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Data breaches have unfortunately become a common occurrence. The latest concern for consumers comes from vendor 7.ai, which handles online chat services for Best Buy, Sears, Kmart, and Delta.
Though not as large as the Equifax breach of last year, it still affects potentially hundreds of thousands of customers from each of these retailers.
Here's what you need to know, and what to do next.
The breach affects multiple stores, including Sears, Kmart, and Delta. Sears released a statement that it believes fewer than 100,000 of its customers were affected. The store was notified of the breach about a month ago, in mid-March, and Sears says it immediately notified credit card companies to prevent potential fraud. Delta also released its own statement, which states that it received notification of the breach on March 28.
The latest store to speak out about the hack is Best Buy. According to a Best Buy spokesperson, the number of customers affected is "a small fraction" of the overall online customer population of the site. That "small fraction" still amounts to potentially hundreds of thousands of customers, though.
The breach occurred from September 27 to October 12, 2017, and customers could be at risk whether they used the chat function or not. Best Buy is still currently working to try to determine how far the breach went.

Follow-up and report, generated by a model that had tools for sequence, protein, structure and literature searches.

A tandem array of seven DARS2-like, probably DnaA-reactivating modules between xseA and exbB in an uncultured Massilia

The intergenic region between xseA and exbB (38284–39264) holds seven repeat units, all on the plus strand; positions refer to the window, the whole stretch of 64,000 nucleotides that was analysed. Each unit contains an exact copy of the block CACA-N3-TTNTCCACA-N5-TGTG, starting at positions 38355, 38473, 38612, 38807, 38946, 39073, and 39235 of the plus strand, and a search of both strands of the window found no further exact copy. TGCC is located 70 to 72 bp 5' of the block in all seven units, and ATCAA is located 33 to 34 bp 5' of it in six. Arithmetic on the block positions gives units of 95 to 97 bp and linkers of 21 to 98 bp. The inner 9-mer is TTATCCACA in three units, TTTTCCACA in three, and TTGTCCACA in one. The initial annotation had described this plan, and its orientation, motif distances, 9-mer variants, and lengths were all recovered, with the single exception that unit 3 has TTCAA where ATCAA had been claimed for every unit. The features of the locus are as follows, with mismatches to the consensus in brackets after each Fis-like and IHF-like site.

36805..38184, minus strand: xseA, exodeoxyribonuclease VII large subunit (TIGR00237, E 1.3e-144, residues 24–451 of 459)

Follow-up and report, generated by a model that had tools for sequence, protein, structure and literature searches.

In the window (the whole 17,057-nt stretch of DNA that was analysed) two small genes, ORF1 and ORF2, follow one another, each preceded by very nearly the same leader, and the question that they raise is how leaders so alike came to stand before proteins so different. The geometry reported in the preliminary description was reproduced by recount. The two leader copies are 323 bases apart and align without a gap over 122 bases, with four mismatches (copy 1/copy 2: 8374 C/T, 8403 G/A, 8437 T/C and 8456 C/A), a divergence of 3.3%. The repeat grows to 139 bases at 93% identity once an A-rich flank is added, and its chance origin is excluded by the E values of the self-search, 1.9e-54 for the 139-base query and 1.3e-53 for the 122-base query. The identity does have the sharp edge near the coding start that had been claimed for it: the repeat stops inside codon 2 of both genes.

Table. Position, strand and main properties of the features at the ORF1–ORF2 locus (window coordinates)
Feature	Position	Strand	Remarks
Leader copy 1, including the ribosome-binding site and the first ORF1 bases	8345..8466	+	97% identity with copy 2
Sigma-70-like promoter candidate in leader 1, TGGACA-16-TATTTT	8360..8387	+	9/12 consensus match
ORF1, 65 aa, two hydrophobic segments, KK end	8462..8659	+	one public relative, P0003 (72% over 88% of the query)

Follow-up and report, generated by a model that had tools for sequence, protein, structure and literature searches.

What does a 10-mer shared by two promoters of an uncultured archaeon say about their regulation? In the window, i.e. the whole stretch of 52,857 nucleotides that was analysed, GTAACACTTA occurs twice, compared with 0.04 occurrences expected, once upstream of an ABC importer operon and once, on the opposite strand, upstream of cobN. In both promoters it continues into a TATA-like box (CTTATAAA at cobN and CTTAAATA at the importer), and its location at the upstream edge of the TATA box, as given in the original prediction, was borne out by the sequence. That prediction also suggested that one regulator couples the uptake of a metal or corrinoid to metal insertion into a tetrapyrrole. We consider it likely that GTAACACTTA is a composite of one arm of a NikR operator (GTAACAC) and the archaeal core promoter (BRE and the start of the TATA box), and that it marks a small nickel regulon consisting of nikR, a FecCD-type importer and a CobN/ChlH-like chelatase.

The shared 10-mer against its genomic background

As a cautionary move, Best Buy has disabled chat from the more sensitive parts of the site. You can read their statement here. The site also contains updates on the incident, as well as contact information and questions and answers.
Sears is working to identify those customers who would have been impacted so that they can be notified. It is also establishing a hotline for customers, although that doesn't appear to be completed yet. Sears notes that many credit card companies offer protection against unauthorized charges.
Meanwhile, Delta is directing customers to this site and advising them to enroll in the free protection services that are being offered.
As far as Best Buy goes, the store is planning to directly notify any customers that were affected. Those with compromised information won't be held liable for any fraudulent charges. Additionally, Best Buy is offering free credit monitoring services where it's needed.
Even if you haven't been notified by any of the stores in question, it's a good idea to keep an eye on your accounts. Watch for any suspicious charges, and consider setting up a fraud alert if you don't have one in place already. If you see unusual activity, don't hesitate to contact your credit card company.
Readers, were you affected by the Best Buy data breach? How are you handling it? Let us know in the comments below.